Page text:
Having a health system that works to reduce needless and avoidable deaths of pregnant women and newborns can work when we all take actions, just like this group in Bauchi State is doing, giving hope to families and communities.
A civil society activist working for Partners in Rural Development (PARD-SL) in Kailahun district has said Facility Improvement Team Assessment Scorecard (FIT) “is an eye-opener” to be used by civil society to advocate for improved maternal and new born health care in the country.
Influenced by MamaYe Super Activists, Hasana realised that being a midwife, she actually could do something to improve the health of pregnant women and newborns. Her action is quite simple, but good enough to help many pregnant women.
Read the story behind how MamaYe Nigeria combined radio with other advocacy efforts to secure the commitment of Bauchi State government to allocate 15% of the State's total budget to health, making the State currently the only one with such budgetary allocation to health.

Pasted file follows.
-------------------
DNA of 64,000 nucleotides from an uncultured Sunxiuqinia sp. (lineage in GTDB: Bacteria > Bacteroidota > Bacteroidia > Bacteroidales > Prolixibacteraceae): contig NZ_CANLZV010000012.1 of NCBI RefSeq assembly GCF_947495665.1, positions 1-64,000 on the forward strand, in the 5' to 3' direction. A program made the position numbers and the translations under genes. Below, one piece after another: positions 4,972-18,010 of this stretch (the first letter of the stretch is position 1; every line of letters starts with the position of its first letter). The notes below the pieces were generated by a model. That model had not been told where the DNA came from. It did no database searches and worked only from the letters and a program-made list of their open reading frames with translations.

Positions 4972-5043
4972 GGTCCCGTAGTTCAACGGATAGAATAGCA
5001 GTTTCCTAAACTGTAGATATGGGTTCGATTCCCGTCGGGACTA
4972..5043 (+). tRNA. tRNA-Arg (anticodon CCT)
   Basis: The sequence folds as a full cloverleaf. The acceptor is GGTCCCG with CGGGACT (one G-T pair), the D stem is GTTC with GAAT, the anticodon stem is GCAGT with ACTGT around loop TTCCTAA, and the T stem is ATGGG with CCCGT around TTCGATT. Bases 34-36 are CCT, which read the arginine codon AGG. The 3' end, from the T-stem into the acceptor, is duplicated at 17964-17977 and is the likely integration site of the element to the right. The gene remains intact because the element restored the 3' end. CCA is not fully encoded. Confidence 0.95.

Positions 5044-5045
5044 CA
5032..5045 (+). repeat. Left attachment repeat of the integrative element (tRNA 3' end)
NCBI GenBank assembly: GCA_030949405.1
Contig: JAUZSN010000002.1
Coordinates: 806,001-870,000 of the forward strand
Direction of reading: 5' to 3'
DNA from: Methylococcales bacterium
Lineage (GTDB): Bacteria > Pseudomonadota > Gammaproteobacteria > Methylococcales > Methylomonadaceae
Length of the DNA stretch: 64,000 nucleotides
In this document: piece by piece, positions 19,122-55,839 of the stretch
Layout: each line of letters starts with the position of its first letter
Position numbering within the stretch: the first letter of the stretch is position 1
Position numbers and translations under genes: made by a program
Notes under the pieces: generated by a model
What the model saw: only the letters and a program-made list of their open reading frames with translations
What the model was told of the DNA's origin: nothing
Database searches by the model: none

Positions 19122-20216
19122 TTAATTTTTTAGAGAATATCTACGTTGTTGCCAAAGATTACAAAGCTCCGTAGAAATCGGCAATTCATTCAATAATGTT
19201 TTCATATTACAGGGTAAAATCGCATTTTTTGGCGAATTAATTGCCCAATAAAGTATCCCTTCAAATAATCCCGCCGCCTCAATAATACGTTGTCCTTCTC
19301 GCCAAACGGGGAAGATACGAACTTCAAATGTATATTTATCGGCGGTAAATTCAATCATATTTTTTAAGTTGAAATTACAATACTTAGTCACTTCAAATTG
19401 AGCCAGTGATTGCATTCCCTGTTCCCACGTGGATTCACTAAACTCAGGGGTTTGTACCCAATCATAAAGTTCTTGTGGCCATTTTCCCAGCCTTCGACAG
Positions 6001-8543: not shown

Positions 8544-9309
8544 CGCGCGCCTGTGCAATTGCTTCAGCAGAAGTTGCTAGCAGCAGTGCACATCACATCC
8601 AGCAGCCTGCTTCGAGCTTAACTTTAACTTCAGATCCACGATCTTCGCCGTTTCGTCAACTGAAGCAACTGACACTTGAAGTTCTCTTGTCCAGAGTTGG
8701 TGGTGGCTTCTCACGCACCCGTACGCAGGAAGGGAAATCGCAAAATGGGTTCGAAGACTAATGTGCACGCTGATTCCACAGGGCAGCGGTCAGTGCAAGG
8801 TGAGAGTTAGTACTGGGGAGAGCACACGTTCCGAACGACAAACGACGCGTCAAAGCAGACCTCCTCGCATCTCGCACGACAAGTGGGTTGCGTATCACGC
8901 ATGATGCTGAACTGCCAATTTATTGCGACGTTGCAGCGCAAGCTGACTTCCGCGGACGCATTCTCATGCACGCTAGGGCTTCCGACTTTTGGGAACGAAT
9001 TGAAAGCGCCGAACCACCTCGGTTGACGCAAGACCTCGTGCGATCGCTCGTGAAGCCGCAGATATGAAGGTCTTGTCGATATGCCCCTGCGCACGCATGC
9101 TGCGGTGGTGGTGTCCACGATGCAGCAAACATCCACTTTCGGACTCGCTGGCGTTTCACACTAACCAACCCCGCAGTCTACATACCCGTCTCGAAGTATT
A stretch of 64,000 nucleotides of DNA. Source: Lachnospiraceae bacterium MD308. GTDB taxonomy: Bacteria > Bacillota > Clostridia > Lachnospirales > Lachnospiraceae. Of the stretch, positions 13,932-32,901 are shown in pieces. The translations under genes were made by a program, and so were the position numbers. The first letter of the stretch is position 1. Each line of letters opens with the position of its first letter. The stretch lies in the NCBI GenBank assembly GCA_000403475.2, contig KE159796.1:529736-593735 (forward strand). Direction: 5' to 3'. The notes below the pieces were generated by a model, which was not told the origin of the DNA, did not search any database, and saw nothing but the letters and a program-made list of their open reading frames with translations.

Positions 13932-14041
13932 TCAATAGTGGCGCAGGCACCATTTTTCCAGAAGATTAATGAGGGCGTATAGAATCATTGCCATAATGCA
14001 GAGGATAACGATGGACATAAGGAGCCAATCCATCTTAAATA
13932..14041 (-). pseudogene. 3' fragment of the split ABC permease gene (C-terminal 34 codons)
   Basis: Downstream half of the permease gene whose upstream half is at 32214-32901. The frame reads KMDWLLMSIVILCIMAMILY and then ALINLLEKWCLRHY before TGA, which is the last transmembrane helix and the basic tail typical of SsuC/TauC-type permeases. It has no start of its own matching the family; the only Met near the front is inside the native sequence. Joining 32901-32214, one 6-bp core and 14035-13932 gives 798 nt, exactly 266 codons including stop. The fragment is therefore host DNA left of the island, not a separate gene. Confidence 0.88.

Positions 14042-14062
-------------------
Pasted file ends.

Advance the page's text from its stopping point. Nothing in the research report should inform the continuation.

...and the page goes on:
Bockarie's background is in community health, including clinical skills. He has focused on monitoring and evaluation of programmes with international non-governmental organizations in public health, education, governance, capacity building and livelihoods. He has being involved in the design, implementation, monitoring and evaluation of national level programs, such as the Global Fund funded Scaling up of malaria interventions for universal coverage in Sierra Leone Round 10. Bockarie hails from Koinadugu, which has one of the worst maternal and child health indicators in Sierra Leone. He was a core team member in developing maternal and child health package interventions in Koinadugu, which is now being scaled up nationally. Bockarie believes in the power of quality evidence to propel advocacy and create change.
Highlighting Sepsis, a severe infection and one of the leading causes of maternal mortality in Sierra Leone, is crucial to understanding some of the challenges pregnant women are most prone to encounter in the wake of Sierra Leone’s current Ebola outbreak.